California girls wanting a beach-bronzed look will have to get it the natural way, thanks to a new law barring teens under 18 from using tanning beds.
Gov. Jerry Brown signed the provision into law, the first state law of its kind, on Sunday. Other states, including New York, Illinois, Rhode Island and Ohio are considering similar measures, and at least 30 states now have at least some age restrictions — covering younger teens — on tanning bed use.
Until the new law goes into effect on Jan. 1, 2012, teens under 14 will continue to be banned from using tanning beds in California, but those aged 15 to 17 will be able to do so with parental permission. Teens under 18 make up 5% to 10% of tanning-bed users nationally, according to the Indoor Tanning Association.
Teen girls may be particularly susceptible to the lure of tanning in California, where in many communities, having a sun-kissed glow is considered beautiful, as the bill's author, State Sen. Ted Lieu pointed out to the Associated Press, noting that tanning salons outnumber Starbucks or McDonald's in Los Angeles County.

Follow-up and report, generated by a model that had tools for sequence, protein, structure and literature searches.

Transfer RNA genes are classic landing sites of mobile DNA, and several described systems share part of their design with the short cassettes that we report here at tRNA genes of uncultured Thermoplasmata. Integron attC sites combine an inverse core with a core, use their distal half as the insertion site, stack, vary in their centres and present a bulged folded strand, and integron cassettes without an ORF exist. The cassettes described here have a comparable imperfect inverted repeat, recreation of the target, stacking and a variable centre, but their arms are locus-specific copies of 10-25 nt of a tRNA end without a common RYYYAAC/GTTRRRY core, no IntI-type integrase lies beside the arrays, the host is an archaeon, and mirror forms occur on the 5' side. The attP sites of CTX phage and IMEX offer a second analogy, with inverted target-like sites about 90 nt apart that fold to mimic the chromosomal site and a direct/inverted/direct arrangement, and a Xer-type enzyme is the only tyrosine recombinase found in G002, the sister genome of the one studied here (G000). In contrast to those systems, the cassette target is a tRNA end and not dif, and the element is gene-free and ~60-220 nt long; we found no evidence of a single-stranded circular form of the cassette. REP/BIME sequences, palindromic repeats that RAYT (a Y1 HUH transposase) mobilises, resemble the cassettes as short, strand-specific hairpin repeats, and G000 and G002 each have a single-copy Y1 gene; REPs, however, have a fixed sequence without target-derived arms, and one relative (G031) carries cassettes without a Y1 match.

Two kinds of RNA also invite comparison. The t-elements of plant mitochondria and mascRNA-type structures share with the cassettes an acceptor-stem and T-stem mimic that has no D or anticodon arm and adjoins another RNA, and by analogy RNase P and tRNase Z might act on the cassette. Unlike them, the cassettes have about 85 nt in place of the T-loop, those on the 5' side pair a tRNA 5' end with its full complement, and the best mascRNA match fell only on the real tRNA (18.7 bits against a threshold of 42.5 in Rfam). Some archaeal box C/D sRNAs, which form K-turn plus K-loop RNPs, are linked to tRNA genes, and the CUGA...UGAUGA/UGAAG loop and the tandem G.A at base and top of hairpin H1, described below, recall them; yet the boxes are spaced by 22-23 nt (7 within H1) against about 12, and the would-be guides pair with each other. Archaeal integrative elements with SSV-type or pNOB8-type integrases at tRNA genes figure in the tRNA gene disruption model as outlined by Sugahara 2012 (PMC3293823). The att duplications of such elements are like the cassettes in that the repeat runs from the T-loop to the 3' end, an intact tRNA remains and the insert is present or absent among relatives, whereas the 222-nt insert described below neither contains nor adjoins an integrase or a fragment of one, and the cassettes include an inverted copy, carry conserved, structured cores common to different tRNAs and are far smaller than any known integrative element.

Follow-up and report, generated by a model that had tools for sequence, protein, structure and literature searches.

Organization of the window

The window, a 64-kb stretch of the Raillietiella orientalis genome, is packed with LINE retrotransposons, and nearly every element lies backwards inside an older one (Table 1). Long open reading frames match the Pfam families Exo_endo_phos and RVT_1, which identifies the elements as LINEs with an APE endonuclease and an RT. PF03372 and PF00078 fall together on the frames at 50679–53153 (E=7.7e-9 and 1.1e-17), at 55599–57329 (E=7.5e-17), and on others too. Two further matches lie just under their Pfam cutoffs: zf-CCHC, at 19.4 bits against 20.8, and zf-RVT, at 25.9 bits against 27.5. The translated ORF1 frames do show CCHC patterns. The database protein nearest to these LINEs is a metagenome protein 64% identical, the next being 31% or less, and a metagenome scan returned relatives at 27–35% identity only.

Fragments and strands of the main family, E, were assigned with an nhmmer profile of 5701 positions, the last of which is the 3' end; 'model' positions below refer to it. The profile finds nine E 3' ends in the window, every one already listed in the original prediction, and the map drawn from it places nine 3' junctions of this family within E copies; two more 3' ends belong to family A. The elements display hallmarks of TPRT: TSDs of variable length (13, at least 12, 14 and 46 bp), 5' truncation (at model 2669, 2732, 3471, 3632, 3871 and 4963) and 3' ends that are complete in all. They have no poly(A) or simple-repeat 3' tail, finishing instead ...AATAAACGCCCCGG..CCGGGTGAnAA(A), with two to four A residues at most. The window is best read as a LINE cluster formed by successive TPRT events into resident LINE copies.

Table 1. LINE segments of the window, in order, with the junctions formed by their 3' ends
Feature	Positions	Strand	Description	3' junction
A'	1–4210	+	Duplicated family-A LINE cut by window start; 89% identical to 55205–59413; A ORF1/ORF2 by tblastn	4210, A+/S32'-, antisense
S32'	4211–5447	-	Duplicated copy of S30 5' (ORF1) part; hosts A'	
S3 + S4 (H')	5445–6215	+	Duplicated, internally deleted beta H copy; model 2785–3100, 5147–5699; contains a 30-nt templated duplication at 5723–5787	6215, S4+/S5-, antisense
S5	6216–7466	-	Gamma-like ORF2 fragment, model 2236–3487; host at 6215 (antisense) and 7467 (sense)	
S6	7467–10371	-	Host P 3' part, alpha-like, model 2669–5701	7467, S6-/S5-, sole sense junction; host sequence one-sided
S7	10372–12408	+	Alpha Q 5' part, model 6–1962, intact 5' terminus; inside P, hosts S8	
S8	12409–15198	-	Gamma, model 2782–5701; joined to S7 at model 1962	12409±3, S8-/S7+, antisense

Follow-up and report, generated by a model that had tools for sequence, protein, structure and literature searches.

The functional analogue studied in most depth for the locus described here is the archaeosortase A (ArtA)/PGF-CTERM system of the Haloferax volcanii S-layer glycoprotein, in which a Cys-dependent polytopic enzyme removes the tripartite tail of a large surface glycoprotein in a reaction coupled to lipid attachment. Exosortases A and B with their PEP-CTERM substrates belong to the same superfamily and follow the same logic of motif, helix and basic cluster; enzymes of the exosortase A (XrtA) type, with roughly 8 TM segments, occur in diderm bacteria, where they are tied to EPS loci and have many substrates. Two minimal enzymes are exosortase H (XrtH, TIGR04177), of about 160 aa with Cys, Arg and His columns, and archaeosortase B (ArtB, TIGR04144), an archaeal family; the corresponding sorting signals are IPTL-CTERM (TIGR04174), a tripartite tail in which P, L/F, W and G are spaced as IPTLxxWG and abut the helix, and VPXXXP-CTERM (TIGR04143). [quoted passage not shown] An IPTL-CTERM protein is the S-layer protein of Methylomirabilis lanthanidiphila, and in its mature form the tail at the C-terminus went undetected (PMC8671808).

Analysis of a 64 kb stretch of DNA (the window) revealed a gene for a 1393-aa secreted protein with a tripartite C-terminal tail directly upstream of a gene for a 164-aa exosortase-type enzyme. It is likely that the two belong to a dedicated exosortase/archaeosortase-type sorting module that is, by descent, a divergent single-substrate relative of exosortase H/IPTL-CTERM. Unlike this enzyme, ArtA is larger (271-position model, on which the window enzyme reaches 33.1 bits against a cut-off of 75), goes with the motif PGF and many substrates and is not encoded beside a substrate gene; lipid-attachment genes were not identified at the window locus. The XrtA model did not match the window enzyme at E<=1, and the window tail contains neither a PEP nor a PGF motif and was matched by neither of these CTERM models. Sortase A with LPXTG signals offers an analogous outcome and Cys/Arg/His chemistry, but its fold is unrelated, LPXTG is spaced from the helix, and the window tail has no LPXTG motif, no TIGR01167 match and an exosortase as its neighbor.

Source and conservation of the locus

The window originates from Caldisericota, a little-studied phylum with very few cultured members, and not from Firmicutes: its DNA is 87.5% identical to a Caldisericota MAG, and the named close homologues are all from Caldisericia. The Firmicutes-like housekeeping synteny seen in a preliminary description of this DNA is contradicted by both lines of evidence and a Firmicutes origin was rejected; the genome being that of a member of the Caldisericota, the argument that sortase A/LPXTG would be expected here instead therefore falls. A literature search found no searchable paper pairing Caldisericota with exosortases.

Left to their own devices, tanning salons aren't likely to keep their youngest customers safe, at least according to a 2009 study sponsored by NCI and published in the Archives of Dermatology. As part of the study, researchers trained female college students to pose as fair-skinned, 15-year-old first-time tanners in phone consultations with 3,600 tanning salons in 50 states. They found that fewer than 11% of the salons adhered to government recommendations on sunlamp exposure, which limits tanning to no more than three sessions in the first week; 71% of the salons said they would allow tanning every day for the first week and many promoted frequent tanning with "unlimited tanning" discount price packages.